We hope these new tools are helpful to founders! If you have any feedback or questions about Stripe Atlas, please let us know—we’re excited to help companies around the world get started and grow their businesses.

The best way to start an internet business. Join Stripe Atlas

October 31, 2017

Schedule queries in Stripe Sigma

Mikito Takada on October 18, 2017

Stripe Sigma helps you analyze your Stripe data with industry-standard SQL, making it easier to get powerful real-time insights into your business data. Today, we’re adding a couple more useful features in response to requests we’ve heard.

Scheduled queries

First, we’re adding scheduled queries. With scheduled queries, you can now turn any Sigma query into a daily, weekly, or monthly report. We’ll automatically run any Sigma query you choose and email you the results. (And, as with other Stripe events, scheduled queries will automatically fire a webhook in case you’d like to take programmatic action.)

You can set up scheduled queries to automatically share results with specific team members on your Stripe account. For example, you can send:

  • A list of high-value signups to a sales manager.
  • Monthly balance reports to your accounting team.
  • A report of subscriptions expiring in the next week to your account management team.

You can set up a schedule for an existing query or write a new one.

Declines analysis

Second, you can now write queries in Sigma to analyze declines using detailed data about whether a charge succeeded or failed and why. If you use Stripe Radar, risk scores and rule data are also available to query. We’ve added a few new example templates to Sigma to help. For example, you might use this feature to find why credit cards are getting declined:

Month Outcome reason Issuer decline count
2017-09 do_not_honor 2
2017-09 insufficient_funds 9
2017-08 transaction_not_allowed 1
2017-08 generic_decline 3

We hope these features make Sigma more useful for you. If you have any feedback or questions, let us know!

Start a free trial of Stripe Sigma for your business. Request access

October 18, 2017

New security features for your Stripe account

Aaron Forsander on September 13, 2017

Today, we’re launching two additional features to improve the security of your Stripe account: an option to use hardware tokens for two-step authentication and the ability to create API keys with restricted access and granular permissions.

Two-step authentication with hardware tokens

We first introduced two-step authentication for Stripe accounts back in 2012. Now, in addition to SMS or using Google Authenticator, you can also register a physical security key to approve logins to your Stripe account. We support any device using the Universal 2nd Factor (U2F) standard hosted by the FIDO Alliance. You can read more about the devices and browsers we support; of note, a single hardware key can be registered for two-step authentication with multiple services like AWS, Google, GitHub, and more.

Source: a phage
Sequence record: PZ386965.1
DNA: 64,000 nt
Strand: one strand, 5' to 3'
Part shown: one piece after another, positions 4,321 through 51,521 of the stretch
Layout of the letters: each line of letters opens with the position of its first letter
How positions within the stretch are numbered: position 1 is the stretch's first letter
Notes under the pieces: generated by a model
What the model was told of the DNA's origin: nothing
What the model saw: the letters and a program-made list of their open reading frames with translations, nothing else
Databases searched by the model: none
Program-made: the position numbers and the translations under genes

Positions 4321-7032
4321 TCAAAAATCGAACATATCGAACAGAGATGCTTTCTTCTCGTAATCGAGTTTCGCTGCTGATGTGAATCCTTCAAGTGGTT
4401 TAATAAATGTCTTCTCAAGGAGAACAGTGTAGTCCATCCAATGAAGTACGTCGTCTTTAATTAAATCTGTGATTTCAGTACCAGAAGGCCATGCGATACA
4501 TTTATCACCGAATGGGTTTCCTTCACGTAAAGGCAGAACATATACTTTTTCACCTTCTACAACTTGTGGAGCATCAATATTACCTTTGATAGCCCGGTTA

We recommend using a hardware key to protect your Stripe account because they are designed to be resistant to phishing attacks. A U2F key requires physical access to the hardware device, not just access to your password. Unlike two-step authentication that uses SMS or Google Authenticator, you can’t be tricked into entering a pin on the wrong website. In addition, tapping the device is faster than waiting for an SMS code and typing it in.

When you’re ready, you can register a device from your Dashboard settings. Note that you’ll need to enable at least one other two-step authentication method as a backup option before you can add your security key.

Restricted access API keys

We’ve added the ability for businesses to generate multiple API keys, allowing developers to safely grant programmatic access to Stripe accounts while precisely defining the scope of each API key; these keys can also be revoked at any time.

We’ve heard from many of our users—from startups to public companies—that their engineering teams increasingly rely on multiple microservices to interact with and use Stripe’s API. You can now restrict each of these services to the minimum required set of permissions to reduce risk. For example, a data analytics service may be allowed to only read charges on a Stripe account, or the backend for customer support software may be able to exclusively issue refunds, but not alter customer information. Businesses can also use this feature to define restricted access and safely share data when working with third-party partners.

You can generate an API key with restricted access from the Dashboard today. We’re also beta testing the ability to generate these keys programmatically via the API. If you’re interested in this feature, please get in touch.

We hope these features help your business keep your Stripe account safe. You can also check out our security guide to learn about more ways to keep your Stripe integration secure.

September 13, 2017